The function of film and television villains has traditionally been to give us a reason to root for the hero. But what if the villain is the hero? What if we are expected to root for, to care about and invest years of our lives into someone who proves more and more to be self-serving, malicious and amoral? At first thought, the endeavor of portraying a character with this on his shoulders seems like an implausible task—one side of this character, be it the “heroic” side or the “villainous” side, must, by definition, be compromised.
Maybe the character is doing bad things, but for a justified reason. Maybe we can forgive the things the character does due to some level of lovable incompetence or misunderstanding of the effect he or she has on the world. Maybe our hero starts out bad, but works his way toward the good end of the spectrum throughout his movie or series. But we’d be hard-pressed to lay our hearts in the hands of a hero who proves truly, organically, and voluntarily to grow more evil overtime. After all, there’s no actor out there who can command a completely enrapt audience to invest themselves into a character like this, and expect them to come back for more every week for four years and counting.
Except, of course, for Bryan Cranston.
The AMC phenomenon that is Breaking Bad is fueled by exquisite writing and directing. But the majesty lies heavily in the hands of the program’s leading man, Cranston. On Breaking Bad, he plays Walter White, an ingenious high school chemistry teacher who, at the series’ inception, gets diagnosed with inoperable lung cancer. Stricken by grief and the compulsion to leave his family provided for, Walt decides to pool his unparalleled knowledge in the world of chemistry with a lowlife former student’s familiarity with the business dealings of the drug world to become a particularly profitable creator and distributor of crystal meth.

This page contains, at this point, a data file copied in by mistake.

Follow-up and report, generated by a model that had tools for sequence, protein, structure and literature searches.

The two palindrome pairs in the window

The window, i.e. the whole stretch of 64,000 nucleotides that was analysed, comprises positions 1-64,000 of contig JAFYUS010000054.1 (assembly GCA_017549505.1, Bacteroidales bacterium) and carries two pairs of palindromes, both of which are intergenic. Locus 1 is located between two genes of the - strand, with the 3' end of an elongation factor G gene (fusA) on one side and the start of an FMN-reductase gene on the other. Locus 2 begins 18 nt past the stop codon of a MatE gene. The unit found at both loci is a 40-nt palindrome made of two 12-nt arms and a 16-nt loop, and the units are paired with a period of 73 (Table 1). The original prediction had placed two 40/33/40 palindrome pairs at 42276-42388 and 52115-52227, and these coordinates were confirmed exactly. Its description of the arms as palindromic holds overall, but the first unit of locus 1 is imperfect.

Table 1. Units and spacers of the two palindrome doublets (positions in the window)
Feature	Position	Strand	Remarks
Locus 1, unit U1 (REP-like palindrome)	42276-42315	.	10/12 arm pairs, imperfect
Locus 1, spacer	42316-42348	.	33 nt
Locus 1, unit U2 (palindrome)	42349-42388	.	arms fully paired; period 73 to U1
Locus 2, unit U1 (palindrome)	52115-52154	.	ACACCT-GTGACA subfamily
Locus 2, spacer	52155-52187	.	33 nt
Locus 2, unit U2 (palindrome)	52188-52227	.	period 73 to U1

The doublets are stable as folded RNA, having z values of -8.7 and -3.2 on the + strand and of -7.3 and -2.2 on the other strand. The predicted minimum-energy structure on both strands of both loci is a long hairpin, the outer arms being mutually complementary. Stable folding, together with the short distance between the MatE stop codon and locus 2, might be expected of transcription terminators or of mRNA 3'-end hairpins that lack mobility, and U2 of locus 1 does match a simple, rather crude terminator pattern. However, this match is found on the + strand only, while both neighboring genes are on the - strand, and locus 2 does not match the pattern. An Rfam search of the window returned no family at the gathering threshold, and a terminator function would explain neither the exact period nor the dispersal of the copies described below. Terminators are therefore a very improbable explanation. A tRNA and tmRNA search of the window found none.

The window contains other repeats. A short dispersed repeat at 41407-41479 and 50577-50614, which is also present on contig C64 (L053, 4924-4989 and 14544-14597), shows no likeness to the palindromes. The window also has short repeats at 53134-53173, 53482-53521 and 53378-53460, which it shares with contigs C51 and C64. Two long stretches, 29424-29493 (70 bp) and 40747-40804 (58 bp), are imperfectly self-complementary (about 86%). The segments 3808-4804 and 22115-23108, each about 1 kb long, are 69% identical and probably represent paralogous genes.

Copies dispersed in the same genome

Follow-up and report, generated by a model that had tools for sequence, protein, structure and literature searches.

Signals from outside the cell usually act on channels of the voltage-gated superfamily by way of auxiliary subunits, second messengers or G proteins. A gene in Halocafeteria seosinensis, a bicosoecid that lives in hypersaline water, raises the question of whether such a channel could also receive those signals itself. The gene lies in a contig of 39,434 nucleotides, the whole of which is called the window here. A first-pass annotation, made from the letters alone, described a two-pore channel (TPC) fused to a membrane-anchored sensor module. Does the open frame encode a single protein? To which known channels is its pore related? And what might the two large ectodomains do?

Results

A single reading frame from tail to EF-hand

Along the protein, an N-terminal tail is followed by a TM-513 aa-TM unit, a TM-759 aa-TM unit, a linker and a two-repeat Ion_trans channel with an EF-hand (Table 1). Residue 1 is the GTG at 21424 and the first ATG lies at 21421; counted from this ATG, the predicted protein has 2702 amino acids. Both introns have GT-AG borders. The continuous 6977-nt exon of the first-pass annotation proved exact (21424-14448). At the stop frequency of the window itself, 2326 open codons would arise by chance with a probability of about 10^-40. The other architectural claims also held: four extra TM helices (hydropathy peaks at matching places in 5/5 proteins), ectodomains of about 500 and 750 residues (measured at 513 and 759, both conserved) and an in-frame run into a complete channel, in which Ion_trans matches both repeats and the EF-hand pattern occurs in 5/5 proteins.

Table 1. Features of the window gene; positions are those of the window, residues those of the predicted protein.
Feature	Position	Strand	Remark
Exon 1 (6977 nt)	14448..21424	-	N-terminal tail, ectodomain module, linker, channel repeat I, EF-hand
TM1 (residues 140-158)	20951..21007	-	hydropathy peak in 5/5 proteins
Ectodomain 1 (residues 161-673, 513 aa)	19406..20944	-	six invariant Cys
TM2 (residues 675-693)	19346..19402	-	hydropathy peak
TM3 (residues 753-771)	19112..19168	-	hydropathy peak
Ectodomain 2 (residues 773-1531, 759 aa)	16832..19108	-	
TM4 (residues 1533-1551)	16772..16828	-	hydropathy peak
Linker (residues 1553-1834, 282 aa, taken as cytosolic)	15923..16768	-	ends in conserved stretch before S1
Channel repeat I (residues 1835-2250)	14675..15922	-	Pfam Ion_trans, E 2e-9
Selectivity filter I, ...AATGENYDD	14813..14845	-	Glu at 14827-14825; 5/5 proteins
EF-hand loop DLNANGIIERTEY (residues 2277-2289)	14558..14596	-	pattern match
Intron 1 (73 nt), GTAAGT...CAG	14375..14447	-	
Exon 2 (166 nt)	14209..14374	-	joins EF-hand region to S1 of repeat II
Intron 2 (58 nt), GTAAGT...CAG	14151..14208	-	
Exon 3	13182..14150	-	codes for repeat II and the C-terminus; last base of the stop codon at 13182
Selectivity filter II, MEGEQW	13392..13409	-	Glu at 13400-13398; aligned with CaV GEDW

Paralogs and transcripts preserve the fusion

Fans of the series know that Walt’s immersion into the drug scene invokes the pretty dark internality of the humble science teacher. The audience, the supporting cast, and Walter White himself learn about the true nature of the series’ hero: he is a man driven by a desperate pride. More than the preservation of his family’s well-being is Walt consumed by the desire to preserve his own image—as a drug kingpin, as a respectable patriarch, as a man.
It is Cranston’s embracement of this character and his story that makes the show such a work of art. A character as delicate as Walter White might easily be turned into a caricature, or simply a vehicle for an unsubstantial shock-value series about drugs and guns. But Cranston approaches every facet of Walt—his backstory, his delusions of grandeur, his desperation—with a palpable self-serving humanity that is at once reprehensible and horrifyingly relatable.
There are few examples of a television character so believably human and so capable of unforgivable darkness. Walt exceeds the villainy of some of his TV peers—like Dexter Morgan or Jimmy Darmody—in that he is his own driving force in the game of evil. But Walt also exceeds the humanity of these men, as there are few motivational factors more base and believable than desperation and pride. And without the skilled master of the small screen that is the remarkable talent that is Bryan Cranston, we might never get so crisp and brilliant delivery of Walt’s invaluable journey toward becoming the monster that has for so long lived within him.